A big part of developing your brand is based upon reputation and sentiment. There are a lot of ways you can see what people think about your clients, your target keywords or your industry in general, but since we’re trying to be quick, I recommend Socialmention.
This gives us a very quick analysis of the sentiments behind mentions of your brand, product or industry on social media and blogs. Depending on what you’re trying to achieve, there are loads of ways this data can be used.
Perhaps someone has written a nice thing about your company but forgot to link. That’s an easy approach.
On the other side of the coin, perhaps someone’s written a scathing commentary on your clients’ industry, tarring all providers with the same brush. This is a prime opportunity to get your clients involved in creating content, or at least helping you create content – ask them to help you write (or to write themselves if they’re so inclined) a polite, professional rebuttal, preferably talking about how they’re different. They need to actually be different, but you get the idea. Approach the site owner with your response. Do it right, you can usually get it published with a link. You’ll need to write it very carefully and watch those comments though.
Google Alerts or IFTTT can help you find and monitor these potential targets, but I prefer Socialmention because it’s on demand, rather than having my inbox flooded all the time.
Finding Spam Victims
A while back, I wrote a piece about how you could use Fiverr for link prospecting if you wanted to help out people whose blogs were being spammed. You can take this a step further though – instead of spending that enormous $5, go through the comments that you’ve got in your blog’s spam folder, or the spam folder of your clients if you’ve got access. Turns out a lot of people that use Scrapebox aren’t very bright, thus ruining its reputation for those that are.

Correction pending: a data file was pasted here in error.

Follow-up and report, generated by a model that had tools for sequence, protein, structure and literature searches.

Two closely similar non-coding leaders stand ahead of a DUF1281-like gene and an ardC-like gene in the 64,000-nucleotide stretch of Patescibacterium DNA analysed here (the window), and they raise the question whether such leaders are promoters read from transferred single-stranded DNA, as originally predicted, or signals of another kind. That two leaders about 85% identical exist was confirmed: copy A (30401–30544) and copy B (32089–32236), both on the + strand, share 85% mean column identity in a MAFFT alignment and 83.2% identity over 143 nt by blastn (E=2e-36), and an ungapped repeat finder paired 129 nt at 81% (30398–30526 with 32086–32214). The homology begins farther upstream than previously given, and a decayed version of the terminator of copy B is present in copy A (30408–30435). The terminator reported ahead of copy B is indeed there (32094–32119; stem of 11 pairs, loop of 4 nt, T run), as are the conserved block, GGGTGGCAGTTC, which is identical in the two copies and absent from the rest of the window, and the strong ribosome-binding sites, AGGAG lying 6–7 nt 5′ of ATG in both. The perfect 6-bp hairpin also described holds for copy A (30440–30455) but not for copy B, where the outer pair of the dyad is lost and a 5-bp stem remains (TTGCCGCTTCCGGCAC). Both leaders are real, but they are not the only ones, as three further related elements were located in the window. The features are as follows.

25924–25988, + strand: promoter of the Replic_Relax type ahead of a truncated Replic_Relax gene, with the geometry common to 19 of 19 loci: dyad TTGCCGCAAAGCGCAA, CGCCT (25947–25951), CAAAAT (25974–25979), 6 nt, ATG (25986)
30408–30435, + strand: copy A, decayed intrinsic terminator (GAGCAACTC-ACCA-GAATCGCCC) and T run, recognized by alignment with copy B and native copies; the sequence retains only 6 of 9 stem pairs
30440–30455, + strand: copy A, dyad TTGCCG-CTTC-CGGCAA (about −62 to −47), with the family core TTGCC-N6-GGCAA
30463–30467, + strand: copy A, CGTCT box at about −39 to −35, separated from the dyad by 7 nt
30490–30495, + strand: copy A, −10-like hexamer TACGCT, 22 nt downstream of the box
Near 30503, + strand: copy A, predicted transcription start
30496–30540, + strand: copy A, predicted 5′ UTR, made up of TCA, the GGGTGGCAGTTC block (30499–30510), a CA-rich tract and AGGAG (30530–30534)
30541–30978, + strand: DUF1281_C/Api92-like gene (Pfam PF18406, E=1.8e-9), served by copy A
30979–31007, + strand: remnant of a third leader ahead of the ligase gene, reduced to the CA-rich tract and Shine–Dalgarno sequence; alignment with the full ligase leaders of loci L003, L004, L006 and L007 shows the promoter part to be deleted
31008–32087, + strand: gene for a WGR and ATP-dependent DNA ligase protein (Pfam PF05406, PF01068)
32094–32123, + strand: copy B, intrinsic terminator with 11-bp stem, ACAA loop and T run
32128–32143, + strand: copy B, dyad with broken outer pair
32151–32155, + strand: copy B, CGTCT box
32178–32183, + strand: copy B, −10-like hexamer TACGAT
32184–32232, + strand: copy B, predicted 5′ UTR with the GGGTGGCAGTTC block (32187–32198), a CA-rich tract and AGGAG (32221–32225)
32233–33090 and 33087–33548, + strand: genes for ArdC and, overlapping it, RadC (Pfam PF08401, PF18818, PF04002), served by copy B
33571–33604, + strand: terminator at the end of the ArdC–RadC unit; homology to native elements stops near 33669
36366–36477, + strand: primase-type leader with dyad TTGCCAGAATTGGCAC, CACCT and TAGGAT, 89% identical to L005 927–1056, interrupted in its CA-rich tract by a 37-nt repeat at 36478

Copy and paste the content of a couple of these comments into Google, Bing, Blekko, Duckduckgo and any other search engine you can be bothered with, set the search display as high as it’ll go and scrape those results into a spreadsheet. There you go – potentially thousands of relevant sites with auto-approve comment sections that are getting spammed to death.
I personally wouldn’t use these for a link-drop, I’d try to help the site owner out and get a link after we’ve slain the spam-beast together, but your mileage may vary. This one works very well, but it’s not always the quickest way to get results. It does, however, get you a ton of prospects inside about two minutes, which is the point of this post.
That’s All For Now
As always, I’ve rattled on longer than I meant to and there are still thousands of other ways that you can quickly expand your prospects list. What are some of yours? Let me know in the comments.